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From |
Richard Fox <r.p.fox@bham.ac.uk> |

To |
"'statalist@hsphsun2.harvard.edu'" <statalist@hsphsun2.harvard.edu> |

Subject |
st: RE: RE: RE: RE: RE: RE: looping to value of a variable |

Date |
Fri, 24 Feb 2012 09:33:18 +0000 |

Thanks Nick. That makes sense. -----Original Message----- From: owner-statalist@hsphsun2.harvard.edu [mailto:owner-statalist@hsphsun2.harvard.edu] On Behalf Of Nick Cox Sent: 23 February 2012 17:58 To: 'statalist@hsphsun2.harvard.edu' Subject: st: RE: RE: RE: RE: RE: looping to value of a variable I see, I think. gen flag = 0 forval j = 1/8 { replace flag = 1 if missing(DFU`j') & flag == 0 & DFU`j' <= maxDFU } Nick n.j.cox@durham.ac.uk Richard Fox Sorry for the confusion. I want just one flag that tells me if each record (row) has a missing value for the DFU variables. This would be simple were it not for the fact that for certain rows I only want to assess a subset of the variables for missing values. As per the example data I only want to assess DFU1-DFU(maxFU) for missingness. If I could use the value of maxFU as above DFU1-DFU(maxFU) then I could simply use egen rowmiss(DFU1-DFU(maxFU)) but I don't believe that's possible. If I use egen = rowmiss(DFU1-DFU9) then for the 1st row I'd get 6 whereas I want just 1. For id 3 I'd expect flag ==0. If I don't loop over records I believe stata will overwrite all flags (all rows) as 1 as soon as it finds any missing value. After further thought this could be performed with a simple formula. Nonetheless I'm still interested to see how to loop to a variable value. I see that Mata may be a solution and will explore this in more detail. This is something that's easily performed in SAS but I appreciate that stata thinks in the opposite direction. Not sure if it helps but I'm cleaning data for an oncology study. So for id (patient) 1 there should be 3 follow-up (fu) form each having a date of completion dfu (date follow up). id DFU1 DFU2 DFU3 DFU4 DFU5 DFU6 DFU7 DFU8 maxFU 1 30/10/1910 08/02/1904 3 2 16/12/1908 24/01/1913 08/02/1904 4 3 04/09/1907 13/10/1911 21/11/1915 30/12/1919 07/02/1924 17/03/1928 25/04/1932 7 4 18/10/1914 08/02/1904 18/03/1908 26/04/1912 04/06/1916 13/07/1920 21/08/1924 8 I managed to get my code working, perhaps this may illustrate what I'm trying to do; /* identify rows with missing dates */ gen flag=0 count local N=r(N) forvalues i = 1/`N' { /* sp holds the max number of follow-ups visits for the particular patient (row) */ local sp = maxFU[`i'] forvalues j=1/`sp' { replace flag=1 if DFU`j'==. & _n==`i' } } Nick Cox Sorry, but I am still unclear on what flags you want. The fact that -maxFU- exists seems to be a red herring. You can create flags by forval j = 1/8 { gen ismissing`j' = missing(dFU`j') } Or, if you want it the other way round, negate the function call with -!missing()- But why do you need the flags at all? Even if I am misunderstanding you, which is quite likely, the small bit of Stata technique may be some help. Nick n.j.cox@durham.ac.uk Richard Fox Hi Nick, Yes you're correct, sorry for the confusion over DFU and FU. I added the egen function to illustrate where the loop count values could come from. In fact the values came from reshaping long data. I want to flag missing dates, however, for each record I need to assess only to a certain point. These are missing follow-up forms in a medical scenario - if patients are only followed for a certain time then I can't record some forms as missing if the patient has reached that time-point. Take the example below; for the 1st id I only want to loop to 3 to test for missing values. In the second id I only want to loop to 4, and so on. I suppose I could just only increment a counter if `i' <= maxFU. Just to note that the code within the loops (replace flag.....) was incomplete in my previous message - it was really just the form of the loop statements that I was interested in. id dfu1 dfu2 dfu3 dfu4 dfu5 dfu6 dfu7 dfu8 maxFU 1 30/10/1910 08/02/1904 3 2 16/12/1908 24/01/1913 08/02/1904 4 3 04/09/1907 13/10/1911 21/11/1915 30/12/1919 07/02/1924 17/03/1928 25/04/1932 7 4 18/10/1914 08/02/1904 18/03/1908 26/04/1912 04/06/1916 13/07/1920 21/08/1924 8 I'll have a look at the reference. Nick Cox Your example is not very clear. You have FU* and by implication DFU*. Do you want to flag missings or non-missings? I can read your post either way. However, you (almost surely) do not need to loop over observations. It is sufficient to loop over variables. See a review in this territory SJ-9-1 pr0046 . . . . . . . . . . . . . . . . . . . Speaking Stata: Rowwise (help rowsort, rowranks if installed) . . . . . . . . . . . N. J. Cox Q1/09 SJ 9(1):137--157 shows how to exploit functions, egen functions, and Mata for working rowwise; rowsort and rowranks are introduced Nick n.j.cox@durham.ac.uk Richard Fox I want to loop to the value of a variable. Let's say I have generated the number of non-missing values in a row of data (maxFU in example below). I want to loop to that value which clearly can differ between records. The following does the job but feels like cheating. egen maxFU = rownonmissing(FU1 FU2 FU3 FU4 FU5 ) count local N=r(N) forvalues i = 1/`N' { local sp = maxFU[`i'] forvalues j=1/`sp' { qui replace flag`j'=1 if DFU`j'==. } } There must be a simpler way; any ideas? * * For searches and help try: * http://www.stata.com/help.cgi?search * http://www.stata.com/support/statalist/faq * http://www.ats.ucla.edu/stat/stata/ * * For searches and help try: * http://www.stata.com/help.cgi?search * http://www.stata.com/support/statalist/faq * http://www.ats.ucla.edu/stat/stata/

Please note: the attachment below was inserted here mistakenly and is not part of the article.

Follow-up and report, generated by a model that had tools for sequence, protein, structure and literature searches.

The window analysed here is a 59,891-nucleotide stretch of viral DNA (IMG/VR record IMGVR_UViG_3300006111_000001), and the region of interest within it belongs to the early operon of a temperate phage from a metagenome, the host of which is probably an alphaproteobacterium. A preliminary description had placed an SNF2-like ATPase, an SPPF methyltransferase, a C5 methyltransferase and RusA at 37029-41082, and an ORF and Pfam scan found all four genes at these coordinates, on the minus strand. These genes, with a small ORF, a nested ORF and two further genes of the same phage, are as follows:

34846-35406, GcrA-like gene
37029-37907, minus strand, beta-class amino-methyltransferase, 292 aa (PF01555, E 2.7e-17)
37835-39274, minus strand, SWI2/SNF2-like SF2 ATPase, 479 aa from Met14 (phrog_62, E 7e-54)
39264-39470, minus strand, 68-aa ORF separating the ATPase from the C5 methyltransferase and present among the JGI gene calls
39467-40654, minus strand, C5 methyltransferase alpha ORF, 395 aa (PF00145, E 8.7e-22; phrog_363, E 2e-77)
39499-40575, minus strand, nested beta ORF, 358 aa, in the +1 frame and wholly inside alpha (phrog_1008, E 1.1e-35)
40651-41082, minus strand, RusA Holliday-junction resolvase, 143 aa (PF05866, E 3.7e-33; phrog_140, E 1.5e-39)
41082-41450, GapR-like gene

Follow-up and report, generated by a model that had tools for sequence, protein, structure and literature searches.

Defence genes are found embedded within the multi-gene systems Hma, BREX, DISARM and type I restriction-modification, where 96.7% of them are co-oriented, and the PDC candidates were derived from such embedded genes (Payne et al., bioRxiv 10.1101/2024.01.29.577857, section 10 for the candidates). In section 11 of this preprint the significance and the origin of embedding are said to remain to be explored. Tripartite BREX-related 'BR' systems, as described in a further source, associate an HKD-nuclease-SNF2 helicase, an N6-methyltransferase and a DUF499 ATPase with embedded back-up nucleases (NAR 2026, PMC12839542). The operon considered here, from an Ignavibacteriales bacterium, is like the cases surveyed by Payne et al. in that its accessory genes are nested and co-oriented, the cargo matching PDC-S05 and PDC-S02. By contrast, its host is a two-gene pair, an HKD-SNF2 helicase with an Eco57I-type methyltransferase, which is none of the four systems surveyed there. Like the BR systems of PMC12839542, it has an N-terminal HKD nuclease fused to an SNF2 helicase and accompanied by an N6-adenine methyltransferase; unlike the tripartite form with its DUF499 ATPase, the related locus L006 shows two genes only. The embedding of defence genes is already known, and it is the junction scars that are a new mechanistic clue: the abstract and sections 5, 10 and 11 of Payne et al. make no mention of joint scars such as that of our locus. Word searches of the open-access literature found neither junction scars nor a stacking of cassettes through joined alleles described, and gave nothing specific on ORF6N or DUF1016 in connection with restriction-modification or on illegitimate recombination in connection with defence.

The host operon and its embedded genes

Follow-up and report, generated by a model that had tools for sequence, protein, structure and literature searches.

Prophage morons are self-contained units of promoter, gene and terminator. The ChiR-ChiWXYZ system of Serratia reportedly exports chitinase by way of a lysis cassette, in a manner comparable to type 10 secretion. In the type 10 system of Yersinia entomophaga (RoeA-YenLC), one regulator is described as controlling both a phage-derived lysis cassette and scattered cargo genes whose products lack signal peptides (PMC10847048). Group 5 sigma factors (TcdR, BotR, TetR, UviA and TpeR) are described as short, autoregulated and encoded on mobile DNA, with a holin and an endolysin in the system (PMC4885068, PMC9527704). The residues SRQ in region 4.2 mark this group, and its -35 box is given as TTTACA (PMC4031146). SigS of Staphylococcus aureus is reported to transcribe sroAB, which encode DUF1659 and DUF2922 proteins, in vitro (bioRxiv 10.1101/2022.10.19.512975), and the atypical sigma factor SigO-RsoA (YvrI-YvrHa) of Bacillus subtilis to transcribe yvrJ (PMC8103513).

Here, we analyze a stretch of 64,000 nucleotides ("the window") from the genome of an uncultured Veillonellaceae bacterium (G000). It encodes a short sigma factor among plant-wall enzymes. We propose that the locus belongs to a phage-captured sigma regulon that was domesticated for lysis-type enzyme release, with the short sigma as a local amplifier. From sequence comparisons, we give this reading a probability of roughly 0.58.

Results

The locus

**References**:**st: looping to value of a variable***From:*Richard Fox <r.p.fox@bham.ac.uk>

**st: RE: looping to value of a variable***From:*Nick Cox <n.j.cox@durham.ac.uk>

**st: RE: RE: looping to value of a variable***From:*Richard Fox <r.p.fox@bham.ac.uk>

**st: RE: RE: RE: looping to value of a variable***From:*Nick Cox <n.j.cox@durham.ac.uk>

**st: RE: RE: RE: RE: looping to value of a variable***From:*Richard Fox <r.p.fox@bham.ac.uk>

**st: RE: RE: RE: RE: RE: looping to value of a variable***From:*Nick Cox <n.j.cox@durham.ac.uk>